Will the Columbia administration help carry the weight?

Columbia statue

Student organizers have put sexual violence at Columbia University on the national agenda through federal complaints, graduation demonstrations, investigative journalism, and performance art. Will the administrators now join the rest of the campus to help carry the weight for survivors like Emma Sulkowicz, the senior carrying her mattress with her until she no longer has to go to school with her rapist?

Today, the Columbia community will gather to demand that the administration work with students to stop sexual violence, rather than blocking the way to change. A morning press release from organizers detailed the administration’s failures to date:

  • Twenty-eight students allege in federal Title IX, Title II, and Clery Act complaints that administrators “mishandl[e]cases of sexual and domestic violence, fail[] to provide survivors with critical resources, [and] discriminat[e] against LGBTQ students.”
  • Last year, “[a]fter students called for more transparency around the sanctioning of rapists and other perpetrators, University President Lee Bollinger publicly promised on January 29th to release aggregate data by the end of the academic year on the sanctioning and appeals decisions made by Deans in sexual and domestic violence cases. His office is still withholding this data.”
  • “[A]dministrators promised to work with student leaders and survivors to revise the failed policies. However, after months of ignoring student requests, Columbia released a new policy on August 15th that was developed without student input. The new policy fails to address many of the serious concerns students raised, makes it harder to bring cases against serial perpetrators, and allows Deans to maintain complete control over the sanctioning of rapists.

The Columbia organizers see a new way forward, detailed in a letter to President Lee Bollinger delivered earlier this week. The proposed structural changes include mandatory consent education for all students, guaranteeing survivors federally-required accommodations, and the inclusion of students in future decision-making.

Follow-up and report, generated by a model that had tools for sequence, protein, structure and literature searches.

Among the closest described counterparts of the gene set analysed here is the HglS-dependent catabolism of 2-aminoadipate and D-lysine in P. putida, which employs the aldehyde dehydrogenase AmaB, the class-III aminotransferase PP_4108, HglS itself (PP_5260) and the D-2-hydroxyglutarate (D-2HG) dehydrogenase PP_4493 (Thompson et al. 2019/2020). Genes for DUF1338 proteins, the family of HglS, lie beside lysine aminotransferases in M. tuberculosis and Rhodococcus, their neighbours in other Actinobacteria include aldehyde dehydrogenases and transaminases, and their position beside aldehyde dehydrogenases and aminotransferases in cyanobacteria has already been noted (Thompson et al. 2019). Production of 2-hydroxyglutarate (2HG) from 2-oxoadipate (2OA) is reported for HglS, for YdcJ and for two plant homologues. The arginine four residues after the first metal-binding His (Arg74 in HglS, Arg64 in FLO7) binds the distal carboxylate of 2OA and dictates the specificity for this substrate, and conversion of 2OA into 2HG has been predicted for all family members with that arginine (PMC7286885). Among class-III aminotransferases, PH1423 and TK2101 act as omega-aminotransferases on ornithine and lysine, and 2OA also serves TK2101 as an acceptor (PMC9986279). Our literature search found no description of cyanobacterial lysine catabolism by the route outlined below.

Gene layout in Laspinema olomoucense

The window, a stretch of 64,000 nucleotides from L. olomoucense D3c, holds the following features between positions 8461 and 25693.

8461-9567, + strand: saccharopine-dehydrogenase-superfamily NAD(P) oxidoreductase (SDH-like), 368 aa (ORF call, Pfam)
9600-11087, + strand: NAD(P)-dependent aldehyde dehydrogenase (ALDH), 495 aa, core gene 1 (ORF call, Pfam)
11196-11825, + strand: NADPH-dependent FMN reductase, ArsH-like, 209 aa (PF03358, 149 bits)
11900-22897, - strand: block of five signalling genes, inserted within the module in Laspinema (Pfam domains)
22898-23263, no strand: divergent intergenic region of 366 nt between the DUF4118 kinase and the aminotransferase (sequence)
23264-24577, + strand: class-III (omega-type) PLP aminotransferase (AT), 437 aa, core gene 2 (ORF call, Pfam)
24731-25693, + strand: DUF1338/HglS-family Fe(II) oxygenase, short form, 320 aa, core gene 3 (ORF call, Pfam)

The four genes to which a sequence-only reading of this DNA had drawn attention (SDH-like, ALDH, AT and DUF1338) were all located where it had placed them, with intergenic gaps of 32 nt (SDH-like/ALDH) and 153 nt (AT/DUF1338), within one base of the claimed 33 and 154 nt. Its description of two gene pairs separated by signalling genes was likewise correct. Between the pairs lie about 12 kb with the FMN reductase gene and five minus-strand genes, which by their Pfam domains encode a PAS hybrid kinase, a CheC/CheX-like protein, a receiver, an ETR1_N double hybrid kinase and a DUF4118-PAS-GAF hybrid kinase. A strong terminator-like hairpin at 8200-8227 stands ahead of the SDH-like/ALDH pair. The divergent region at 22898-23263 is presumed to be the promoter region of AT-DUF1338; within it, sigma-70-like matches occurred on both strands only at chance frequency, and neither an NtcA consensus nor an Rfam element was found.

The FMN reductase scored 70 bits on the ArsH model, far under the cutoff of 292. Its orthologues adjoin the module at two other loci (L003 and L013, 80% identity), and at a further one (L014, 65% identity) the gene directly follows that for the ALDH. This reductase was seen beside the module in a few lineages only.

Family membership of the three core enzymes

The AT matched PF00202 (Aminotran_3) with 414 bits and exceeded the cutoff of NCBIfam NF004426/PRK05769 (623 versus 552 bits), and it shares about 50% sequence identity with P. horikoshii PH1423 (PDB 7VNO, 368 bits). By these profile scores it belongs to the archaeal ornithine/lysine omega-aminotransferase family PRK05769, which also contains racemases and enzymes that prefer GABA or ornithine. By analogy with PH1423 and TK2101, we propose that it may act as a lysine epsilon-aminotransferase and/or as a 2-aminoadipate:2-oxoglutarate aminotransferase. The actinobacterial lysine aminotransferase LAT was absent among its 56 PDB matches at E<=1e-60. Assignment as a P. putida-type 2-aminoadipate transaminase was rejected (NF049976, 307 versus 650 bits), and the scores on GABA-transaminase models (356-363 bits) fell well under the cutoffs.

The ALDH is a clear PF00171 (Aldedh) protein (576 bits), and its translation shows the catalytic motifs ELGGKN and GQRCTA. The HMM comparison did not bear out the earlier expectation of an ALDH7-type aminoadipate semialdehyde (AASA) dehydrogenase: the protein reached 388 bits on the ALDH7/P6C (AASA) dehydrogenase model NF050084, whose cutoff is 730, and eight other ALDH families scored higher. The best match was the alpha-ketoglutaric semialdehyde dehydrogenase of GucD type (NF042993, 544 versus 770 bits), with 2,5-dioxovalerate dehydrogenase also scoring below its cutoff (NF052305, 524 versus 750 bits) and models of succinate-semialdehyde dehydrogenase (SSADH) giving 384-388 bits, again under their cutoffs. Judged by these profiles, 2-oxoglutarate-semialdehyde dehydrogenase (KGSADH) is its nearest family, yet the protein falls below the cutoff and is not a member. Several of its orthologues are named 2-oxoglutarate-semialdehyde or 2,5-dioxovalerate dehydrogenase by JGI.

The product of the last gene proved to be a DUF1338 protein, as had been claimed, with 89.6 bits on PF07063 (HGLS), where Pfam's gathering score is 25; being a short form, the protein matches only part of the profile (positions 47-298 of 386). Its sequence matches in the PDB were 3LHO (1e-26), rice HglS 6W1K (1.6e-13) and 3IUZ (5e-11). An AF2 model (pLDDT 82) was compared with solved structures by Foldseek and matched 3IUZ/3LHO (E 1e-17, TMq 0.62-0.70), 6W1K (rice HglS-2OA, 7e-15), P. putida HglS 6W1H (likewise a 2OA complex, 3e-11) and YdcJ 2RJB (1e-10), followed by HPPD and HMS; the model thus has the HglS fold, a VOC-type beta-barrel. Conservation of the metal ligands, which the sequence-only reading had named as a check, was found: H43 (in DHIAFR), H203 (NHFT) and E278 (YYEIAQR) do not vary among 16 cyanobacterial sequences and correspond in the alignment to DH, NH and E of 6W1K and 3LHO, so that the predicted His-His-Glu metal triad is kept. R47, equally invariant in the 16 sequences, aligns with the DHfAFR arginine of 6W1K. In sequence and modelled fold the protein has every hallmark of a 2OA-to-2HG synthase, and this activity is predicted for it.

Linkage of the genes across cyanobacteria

Let’s hope Bollinger listens. The student press release ends with a promise: “Student organizers plan to escalate their actions if administrators continue to ignore their demands for a safer campus.”


Alexandra Brodsky is an editor at Feministing, a founding co-director of Know Your IX, and a student at Yale Law School.

Washington, DC

Alexandra Brodsky was a senior editor at Feministing.com. During her four years at the site, she wrote about gender violence, reproductive justice, and education equity and ran the site's book review column. She is now a Skadden Fellow at the National Women's Law Center and also serves as the Board Chair of Know Your IX, a national student-led movement to end gender violence, which she co-founded and previously co-directed. Alexandra has written for publications including the New York Times, the Atlantic, the Guardian, and the Nation, and she is the co-editor of The Feminist Utopia Project: 57 Visions of a Wildly Better Future. She has spoken about violence against women and reproductive justice at campuses across the country and on MSNBC, ABC, NBC, CBS, CNN, FOX, ESPN, and NPR.

Alexandra Brodsky was a senior editor at Feministing.com.

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